Regular readers at The
Kitchn will know that I am a committed rosé wine fan, and while I drink rosé
wine all year round, there is something about the arrival of spring and summer
that seems to herald in these pink and salmon toned wines.
year I say it and here I go again, rosé's popularity just keeps growing — if
the number and diversity of choices is anything to go by.
me, rosé is more than a simple pink wine. While certainly a symbol of summer
sipping, the diversity of styles makes rosé a versatile partner at the table, and as I have mentioned in two recent ‘Wine of the Week’ posts on Chêne Blue
and Clos Cibonne, not all rosé wine is created equally.
let is go back to basics and take a quick 101 tour on how rosé wine is made.
How Rosé Wine Is Made
rosé wines are made from black (or red) grapes, and traditionally the wine is
fermented dry. While different production methods exist, the most usual is
‘maceration,’ whereby the black grapes are gently crushed and the juice is left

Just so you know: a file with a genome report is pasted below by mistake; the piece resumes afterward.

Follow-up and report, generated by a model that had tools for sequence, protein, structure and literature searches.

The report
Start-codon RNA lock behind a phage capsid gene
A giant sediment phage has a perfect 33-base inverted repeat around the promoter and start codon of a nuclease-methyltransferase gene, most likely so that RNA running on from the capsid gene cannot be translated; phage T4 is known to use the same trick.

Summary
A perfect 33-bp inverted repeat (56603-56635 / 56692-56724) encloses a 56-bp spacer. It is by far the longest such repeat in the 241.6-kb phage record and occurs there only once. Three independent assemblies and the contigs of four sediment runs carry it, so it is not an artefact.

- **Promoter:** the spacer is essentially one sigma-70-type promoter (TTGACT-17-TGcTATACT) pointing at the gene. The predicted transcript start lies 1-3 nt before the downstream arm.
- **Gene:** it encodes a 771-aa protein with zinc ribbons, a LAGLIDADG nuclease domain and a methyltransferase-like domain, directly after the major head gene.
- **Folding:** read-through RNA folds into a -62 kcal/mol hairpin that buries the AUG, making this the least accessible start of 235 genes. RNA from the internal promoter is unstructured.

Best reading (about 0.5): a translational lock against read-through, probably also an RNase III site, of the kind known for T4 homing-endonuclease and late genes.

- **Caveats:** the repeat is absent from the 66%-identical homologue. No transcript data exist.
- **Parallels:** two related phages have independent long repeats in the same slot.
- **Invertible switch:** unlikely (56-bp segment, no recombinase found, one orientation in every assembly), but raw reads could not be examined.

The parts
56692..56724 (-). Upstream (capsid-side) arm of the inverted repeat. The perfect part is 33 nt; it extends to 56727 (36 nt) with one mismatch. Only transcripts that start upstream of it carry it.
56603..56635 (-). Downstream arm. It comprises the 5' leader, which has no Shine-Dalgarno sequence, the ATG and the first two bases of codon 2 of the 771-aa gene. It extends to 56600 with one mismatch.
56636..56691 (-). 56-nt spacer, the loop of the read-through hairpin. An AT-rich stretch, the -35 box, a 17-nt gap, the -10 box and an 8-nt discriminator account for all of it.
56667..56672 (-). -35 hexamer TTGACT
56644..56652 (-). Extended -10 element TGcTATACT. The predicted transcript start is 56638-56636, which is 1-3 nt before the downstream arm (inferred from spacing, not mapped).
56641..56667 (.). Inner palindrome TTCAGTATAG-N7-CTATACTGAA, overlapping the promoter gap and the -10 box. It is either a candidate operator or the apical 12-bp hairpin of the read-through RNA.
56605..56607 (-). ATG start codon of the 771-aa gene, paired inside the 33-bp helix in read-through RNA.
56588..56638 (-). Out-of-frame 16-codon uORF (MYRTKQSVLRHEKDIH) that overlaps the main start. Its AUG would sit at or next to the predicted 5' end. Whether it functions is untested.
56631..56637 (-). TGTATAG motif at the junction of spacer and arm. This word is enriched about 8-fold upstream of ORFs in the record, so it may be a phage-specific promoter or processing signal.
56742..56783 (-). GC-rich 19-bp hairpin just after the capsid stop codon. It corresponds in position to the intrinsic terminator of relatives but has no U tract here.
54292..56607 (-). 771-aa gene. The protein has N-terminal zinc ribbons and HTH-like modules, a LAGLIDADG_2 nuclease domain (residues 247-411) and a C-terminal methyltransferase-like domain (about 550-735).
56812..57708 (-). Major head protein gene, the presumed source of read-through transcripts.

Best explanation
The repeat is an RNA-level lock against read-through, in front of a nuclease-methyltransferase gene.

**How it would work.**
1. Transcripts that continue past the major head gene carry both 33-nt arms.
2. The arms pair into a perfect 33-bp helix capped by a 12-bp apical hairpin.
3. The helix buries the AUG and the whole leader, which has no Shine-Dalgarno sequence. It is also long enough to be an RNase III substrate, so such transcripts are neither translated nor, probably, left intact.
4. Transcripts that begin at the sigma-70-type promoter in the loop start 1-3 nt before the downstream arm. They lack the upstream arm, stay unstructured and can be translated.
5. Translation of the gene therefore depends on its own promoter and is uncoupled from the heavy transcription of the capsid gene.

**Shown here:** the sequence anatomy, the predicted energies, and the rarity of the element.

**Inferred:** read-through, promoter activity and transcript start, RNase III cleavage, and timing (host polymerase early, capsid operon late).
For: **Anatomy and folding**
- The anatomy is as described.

in contact with the skins for short time to extract just enough color to
achieve the desired hue. The length of time depends on the grape variety used,
as well the wine style and winemaker’s preference.
the maceration is complete, the wine is fermented, like a white wine, off the
skins. The choice of fermentation vessel, as well as fermentation temperature, will also influence the resulting style of wine. Cooler ferments tend to
produce more fruit driven styles, while warmer fermentation temperatures give
more structure to the wine.
styles such as ‘Blush’ or Vin Gris are the palest in color, as they do not go
through any pre-fermentation maceration.
can range from the palest salmon hue to deep neon pink. Aromas and flavors span
the spectrum from strawberry, raspberry, red currants, watermelon and
fresh cherry interwoven with all sorts of citrus notes, dried herbs, spice, and
Off-Dry and Sweeter Styles of Rosé
or sweeter styles such as White Zin', etc. are usually fermented dry and then some sweetening
concentrate is added back in, or the fermentation is stopped before all the sugar
has been converted into alcohol.
Rosé from White Grapes - Pinot Grigio Rosé
may be surprised to hear that you can make a Pinot Grigio rosé. Though Pinot
Grigio is a white wine grape, its skin is actually a grayish pink.
With a little persuasion (a.k.a maceration), it can be persuaded to release
enough color to qualify as rosé.
Rosé by Adding Red Wine - Rosé Champagne
other more unusual method of rosé wine making is Champagne. Under EU wine law